Is Freethinking Jew or Jewish atheist an oxymoron?

I’m so excited; I finally got my first “interesting” E-mail from a reader!  Now I know my blog is legit. 🙂

Enjoy!

I don’t really know who you are but your site is very curious.  I am wondering if you are who you say you are.
I am puzzled how anyone could use the word Jew and skeptic or atheist in the same sentence.
That Bible bull shit was invented by someone and who ever it was should be embarrassed after finding the truth.  Calling ones self a “Jew” is like calling ones self a hillbilly from Jerusalem in my mind. I just can not get my head wrapped around this concept.  It is like now that I am not a fundamentalist Christian anymore why would I want anything to do with let alone call myself a Christian?
Please help me.  I personally can not see how those who believe in a multi-ethnic congomeration insist on mentioning and whispering that “he or she is Jewish” don’t you know.  Why oh Why?  Are you not a Caucasoid white man?  I just don’t understand.  Enlighten me.
Also because a bunch of lemmings choose such and such why do we have to bless it with the Michael Shermer Kosher blessing as truth without any factual evidence or investigation of our own.

This is extremely puzzling to me.  Please help me!!!

Since the man was kind enough to take the time to write, I shall respond:

a) I use “Jew” in Freethinking Jew following Merriam Webster’s definitions 1b, 2, and, especially, 3, below:

Full Definition of JEW

1a :  a member of the tribe of Judah
  b :israelite
2:  a member of a nation existing in Palestine from the sixth century b.c. to the first century a.d.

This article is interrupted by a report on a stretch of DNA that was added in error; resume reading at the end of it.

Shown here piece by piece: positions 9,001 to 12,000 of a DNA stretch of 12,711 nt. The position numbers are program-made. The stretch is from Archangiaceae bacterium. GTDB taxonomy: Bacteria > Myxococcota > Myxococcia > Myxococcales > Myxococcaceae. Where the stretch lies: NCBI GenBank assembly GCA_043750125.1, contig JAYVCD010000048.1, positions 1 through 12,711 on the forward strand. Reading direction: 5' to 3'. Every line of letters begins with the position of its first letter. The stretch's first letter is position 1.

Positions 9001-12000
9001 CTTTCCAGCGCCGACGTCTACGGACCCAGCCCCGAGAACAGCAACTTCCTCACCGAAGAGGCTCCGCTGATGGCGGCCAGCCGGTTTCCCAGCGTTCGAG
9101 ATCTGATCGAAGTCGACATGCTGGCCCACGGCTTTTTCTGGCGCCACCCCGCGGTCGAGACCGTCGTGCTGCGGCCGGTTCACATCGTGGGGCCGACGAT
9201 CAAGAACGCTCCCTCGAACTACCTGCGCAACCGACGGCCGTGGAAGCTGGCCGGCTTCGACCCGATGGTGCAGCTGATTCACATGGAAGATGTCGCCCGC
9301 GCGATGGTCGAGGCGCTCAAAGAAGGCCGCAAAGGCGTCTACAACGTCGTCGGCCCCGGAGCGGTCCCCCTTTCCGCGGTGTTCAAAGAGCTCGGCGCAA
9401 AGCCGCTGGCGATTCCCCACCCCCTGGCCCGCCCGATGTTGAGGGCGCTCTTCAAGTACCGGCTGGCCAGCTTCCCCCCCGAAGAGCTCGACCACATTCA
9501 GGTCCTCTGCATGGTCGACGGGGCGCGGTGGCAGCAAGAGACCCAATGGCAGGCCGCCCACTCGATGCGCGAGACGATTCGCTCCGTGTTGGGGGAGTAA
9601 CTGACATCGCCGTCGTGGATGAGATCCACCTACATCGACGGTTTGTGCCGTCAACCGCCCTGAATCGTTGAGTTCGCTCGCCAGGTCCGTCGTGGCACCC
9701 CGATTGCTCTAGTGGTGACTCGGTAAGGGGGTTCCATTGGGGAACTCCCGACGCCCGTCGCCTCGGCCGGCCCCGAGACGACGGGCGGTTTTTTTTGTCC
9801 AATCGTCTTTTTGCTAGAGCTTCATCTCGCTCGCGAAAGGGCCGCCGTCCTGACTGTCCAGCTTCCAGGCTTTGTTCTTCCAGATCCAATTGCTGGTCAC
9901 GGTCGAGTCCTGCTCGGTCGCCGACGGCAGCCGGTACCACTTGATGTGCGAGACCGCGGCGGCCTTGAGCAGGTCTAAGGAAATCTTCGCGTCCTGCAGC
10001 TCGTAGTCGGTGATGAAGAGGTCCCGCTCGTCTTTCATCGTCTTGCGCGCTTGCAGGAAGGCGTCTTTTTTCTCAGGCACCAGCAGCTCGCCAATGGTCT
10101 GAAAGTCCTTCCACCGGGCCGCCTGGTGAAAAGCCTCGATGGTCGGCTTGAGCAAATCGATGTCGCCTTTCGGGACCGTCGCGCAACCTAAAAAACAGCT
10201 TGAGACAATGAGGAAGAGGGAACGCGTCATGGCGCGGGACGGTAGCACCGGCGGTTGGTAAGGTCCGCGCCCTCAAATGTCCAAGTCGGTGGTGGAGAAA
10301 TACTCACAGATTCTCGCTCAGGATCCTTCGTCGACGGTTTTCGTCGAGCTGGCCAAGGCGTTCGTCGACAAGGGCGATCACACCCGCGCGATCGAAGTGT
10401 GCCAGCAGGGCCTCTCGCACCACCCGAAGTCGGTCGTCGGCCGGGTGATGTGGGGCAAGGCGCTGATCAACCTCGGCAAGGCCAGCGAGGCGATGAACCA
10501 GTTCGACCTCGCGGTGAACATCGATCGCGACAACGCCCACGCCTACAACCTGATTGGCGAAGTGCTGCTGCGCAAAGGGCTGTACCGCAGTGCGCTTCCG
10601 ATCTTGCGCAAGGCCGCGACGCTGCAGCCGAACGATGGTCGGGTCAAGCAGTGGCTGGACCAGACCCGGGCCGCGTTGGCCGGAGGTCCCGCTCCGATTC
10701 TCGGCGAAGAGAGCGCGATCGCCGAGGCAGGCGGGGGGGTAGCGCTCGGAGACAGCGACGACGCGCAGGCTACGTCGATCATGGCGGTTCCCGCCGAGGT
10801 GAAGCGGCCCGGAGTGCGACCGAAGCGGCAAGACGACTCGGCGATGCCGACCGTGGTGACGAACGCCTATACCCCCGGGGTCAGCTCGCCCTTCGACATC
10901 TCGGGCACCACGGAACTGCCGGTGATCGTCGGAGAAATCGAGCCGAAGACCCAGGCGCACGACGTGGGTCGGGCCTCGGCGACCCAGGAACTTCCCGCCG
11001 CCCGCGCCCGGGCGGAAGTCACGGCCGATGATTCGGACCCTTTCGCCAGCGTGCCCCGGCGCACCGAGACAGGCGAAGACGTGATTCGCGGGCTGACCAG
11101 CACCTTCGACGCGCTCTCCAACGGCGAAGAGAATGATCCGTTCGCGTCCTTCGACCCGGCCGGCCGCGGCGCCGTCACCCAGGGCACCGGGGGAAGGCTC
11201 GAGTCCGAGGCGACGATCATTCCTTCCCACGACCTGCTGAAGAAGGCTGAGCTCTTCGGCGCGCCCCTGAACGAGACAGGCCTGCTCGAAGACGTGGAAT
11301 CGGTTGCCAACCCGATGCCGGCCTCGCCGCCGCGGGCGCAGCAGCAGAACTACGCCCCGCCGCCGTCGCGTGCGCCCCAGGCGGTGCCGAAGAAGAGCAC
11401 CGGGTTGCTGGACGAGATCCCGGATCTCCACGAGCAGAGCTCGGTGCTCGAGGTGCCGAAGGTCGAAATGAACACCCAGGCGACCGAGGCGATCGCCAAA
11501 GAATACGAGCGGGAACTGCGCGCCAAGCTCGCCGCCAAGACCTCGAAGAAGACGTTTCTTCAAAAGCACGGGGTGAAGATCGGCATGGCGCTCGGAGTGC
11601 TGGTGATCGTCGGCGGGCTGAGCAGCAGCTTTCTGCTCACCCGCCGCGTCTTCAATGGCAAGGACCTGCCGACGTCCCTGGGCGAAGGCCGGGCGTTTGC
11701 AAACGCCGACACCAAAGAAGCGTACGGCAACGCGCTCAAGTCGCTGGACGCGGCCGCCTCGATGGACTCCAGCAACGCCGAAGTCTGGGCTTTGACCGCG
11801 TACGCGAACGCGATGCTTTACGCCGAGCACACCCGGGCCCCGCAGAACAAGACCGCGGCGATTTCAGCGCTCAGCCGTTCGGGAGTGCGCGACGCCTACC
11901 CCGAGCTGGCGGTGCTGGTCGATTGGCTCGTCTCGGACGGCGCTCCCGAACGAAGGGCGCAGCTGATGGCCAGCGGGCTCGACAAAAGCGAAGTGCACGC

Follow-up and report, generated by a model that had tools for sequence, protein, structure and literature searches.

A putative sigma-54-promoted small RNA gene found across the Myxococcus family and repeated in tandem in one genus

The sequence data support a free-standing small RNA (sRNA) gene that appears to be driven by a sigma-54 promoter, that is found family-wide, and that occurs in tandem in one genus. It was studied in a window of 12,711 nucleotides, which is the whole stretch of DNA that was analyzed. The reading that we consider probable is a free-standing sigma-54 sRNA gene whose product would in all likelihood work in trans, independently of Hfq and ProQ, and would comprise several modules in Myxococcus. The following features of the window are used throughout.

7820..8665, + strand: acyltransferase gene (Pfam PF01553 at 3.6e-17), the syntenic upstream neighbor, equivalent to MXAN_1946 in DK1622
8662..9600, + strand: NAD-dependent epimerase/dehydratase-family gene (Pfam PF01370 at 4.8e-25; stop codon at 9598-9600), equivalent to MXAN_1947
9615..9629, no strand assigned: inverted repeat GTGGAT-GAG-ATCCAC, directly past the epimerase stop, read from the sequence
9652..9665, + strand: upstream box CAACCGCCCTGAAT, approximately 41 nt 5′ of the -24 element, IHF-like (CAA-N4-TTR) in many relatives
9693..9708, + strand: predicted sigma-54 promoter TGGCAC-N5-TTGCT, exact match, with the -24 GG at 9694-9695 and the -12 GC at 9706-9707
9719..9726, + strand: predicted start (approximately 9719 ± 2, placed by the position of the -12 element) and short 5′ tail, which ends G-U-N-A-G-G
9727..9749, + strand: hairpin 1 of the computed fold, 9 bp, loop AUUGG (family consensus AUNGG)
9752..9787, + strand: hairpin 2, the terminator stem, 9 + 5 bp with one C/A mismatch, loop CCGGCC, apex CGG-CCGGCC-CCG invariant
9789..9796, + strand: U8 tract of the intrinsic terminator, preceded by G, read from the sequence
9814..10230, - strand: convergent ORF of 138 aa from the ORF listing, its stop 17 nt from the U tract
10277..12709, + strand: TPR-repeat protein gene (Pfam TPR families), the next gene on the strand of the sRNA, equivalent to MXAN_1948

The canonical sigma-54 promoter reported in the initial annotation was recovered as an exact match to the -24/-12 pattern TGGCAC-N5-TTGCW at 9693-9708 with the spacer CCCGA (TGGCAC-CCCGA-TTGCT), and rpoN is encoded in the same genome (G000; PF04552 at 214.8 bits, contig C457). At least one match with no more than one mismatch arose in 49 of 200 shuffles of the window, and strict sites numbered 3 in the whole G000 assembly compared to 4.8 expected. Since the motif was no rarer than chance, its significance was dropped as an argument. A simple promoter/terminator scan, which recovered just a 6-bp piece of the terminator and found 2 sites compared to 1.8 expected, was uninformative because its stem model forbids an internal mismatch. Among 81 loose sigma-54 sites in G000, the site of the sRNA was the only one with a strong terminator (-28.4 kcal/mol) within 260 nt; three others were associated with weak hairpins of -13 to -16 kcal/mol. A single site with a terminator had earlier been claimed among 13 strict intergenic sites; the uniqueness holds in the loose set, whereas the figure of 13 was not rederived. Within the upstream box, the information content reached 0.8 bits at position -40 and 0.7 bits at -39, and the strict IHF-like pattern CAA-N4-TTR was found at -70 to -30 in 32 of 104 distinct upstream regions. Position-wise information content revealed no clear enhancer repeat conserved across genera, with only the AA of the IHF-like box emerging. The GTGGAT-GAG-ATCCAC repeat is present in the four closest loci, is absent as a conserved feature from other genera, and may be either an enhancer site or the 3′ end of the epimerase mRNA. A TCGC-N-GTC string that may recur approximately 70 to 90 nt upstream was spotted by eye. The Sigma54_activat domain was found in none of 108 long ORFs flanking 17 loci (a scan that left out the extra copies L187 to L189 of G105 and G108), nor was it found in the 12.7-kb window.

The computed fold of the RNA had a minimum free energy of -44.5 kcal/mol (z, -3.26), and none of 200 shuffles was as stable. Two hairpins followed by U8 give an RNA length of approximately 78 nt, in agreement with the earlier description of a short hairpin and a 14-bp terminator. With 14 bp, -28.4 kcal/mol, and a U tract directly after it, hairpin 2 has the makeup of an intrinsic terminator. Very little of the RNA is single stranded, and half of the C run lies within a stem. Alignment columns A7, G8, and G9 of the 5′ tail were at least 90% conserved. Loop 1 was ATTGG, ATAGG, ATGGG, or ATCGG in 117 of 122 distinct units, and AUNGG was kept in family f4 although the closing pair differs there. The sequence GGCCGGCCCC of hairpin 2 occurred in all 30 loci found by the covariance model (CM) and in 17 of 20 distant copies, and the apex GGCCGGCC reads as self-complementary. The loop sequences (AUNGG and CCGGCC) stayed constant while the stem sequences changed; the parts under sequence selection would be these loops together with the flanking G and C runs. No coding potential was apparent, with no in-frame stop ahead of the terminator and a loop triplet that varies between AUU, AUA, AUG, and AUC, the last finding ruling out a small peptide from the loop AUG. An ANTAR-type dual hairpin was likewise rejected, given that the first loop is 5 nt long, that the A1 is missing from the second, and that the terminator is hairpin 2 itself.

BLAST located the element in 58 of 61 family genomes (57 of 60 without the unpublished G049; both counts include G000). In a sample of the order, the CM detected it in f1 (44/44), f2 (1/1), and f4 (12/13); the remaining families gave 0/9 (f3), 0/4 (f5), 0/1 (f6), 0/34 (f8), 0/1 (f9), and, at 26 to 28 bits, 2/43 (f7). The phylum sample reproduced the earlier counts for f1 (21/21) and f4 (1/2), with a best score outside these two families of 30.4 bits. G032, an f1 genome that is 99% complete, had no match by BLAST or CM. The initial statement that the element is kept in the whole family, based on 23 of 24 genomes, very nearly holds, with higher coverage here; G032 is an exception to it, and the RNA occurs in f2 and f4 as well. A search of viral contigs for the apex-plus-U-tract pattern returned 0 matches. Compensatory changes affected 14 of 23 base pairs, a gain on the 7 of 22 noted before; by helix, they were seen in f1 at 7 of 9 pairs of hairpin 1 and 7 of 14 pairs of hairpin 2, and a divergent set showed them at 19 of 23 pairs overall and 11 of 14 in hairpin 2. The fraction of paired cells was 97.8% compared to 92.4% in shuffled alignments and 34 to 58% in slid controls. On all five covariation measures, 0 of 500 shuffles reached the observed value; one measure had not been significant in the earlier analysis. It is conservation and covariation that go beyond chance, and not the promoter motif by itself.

3:  a person belonging to a continuation through descent or conversion of the ancient Jewish people
4:  one whose religion is Judaism

b) Wouldn’t the world be so much more boring if we all completely abandon our respective cultural heritages and just call ourselves “Caucasoid white men?”
c) After all the *#@! we Jews have been through together as a family, I’m not going to turn my back on my family, even if I no longer believe in the God we all used to worship.

What do you think, thoughtful readers?  Do you think Jewish atheist is an oxymoron?  Is the name “Freethinking Jew” misleading?
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6 thoughts on “Is Freethinking Jew or Jewish atheist an oxymoron?

  1. Doobster418

    I get it. I was born to Jewish parents. I went to Hebrew school. I had my Bar Mitzvah when I was 13. But at some point along the way, I realized that god was a fabrication of man, that man wasn’t created in the image of god, but god was created in the image of man. I realized that the bible was not fact or history, but parables and lessons and stories. I discerned that organized religion’s main mission, aside from collecting reams of dough from gullible worshipers, was to control behavior. I recognized that I had evolved to being an atheist.

    Having said that, I can’t…and won’t…deny my heritage, which is Jewish. I don’t practice the religion at all, but I respect the heritage and the traditions (at least the non-religious ones).

    So I would not be hesitant to call myself a Jewish atheist, or an atheist who is (or was?) Jewish.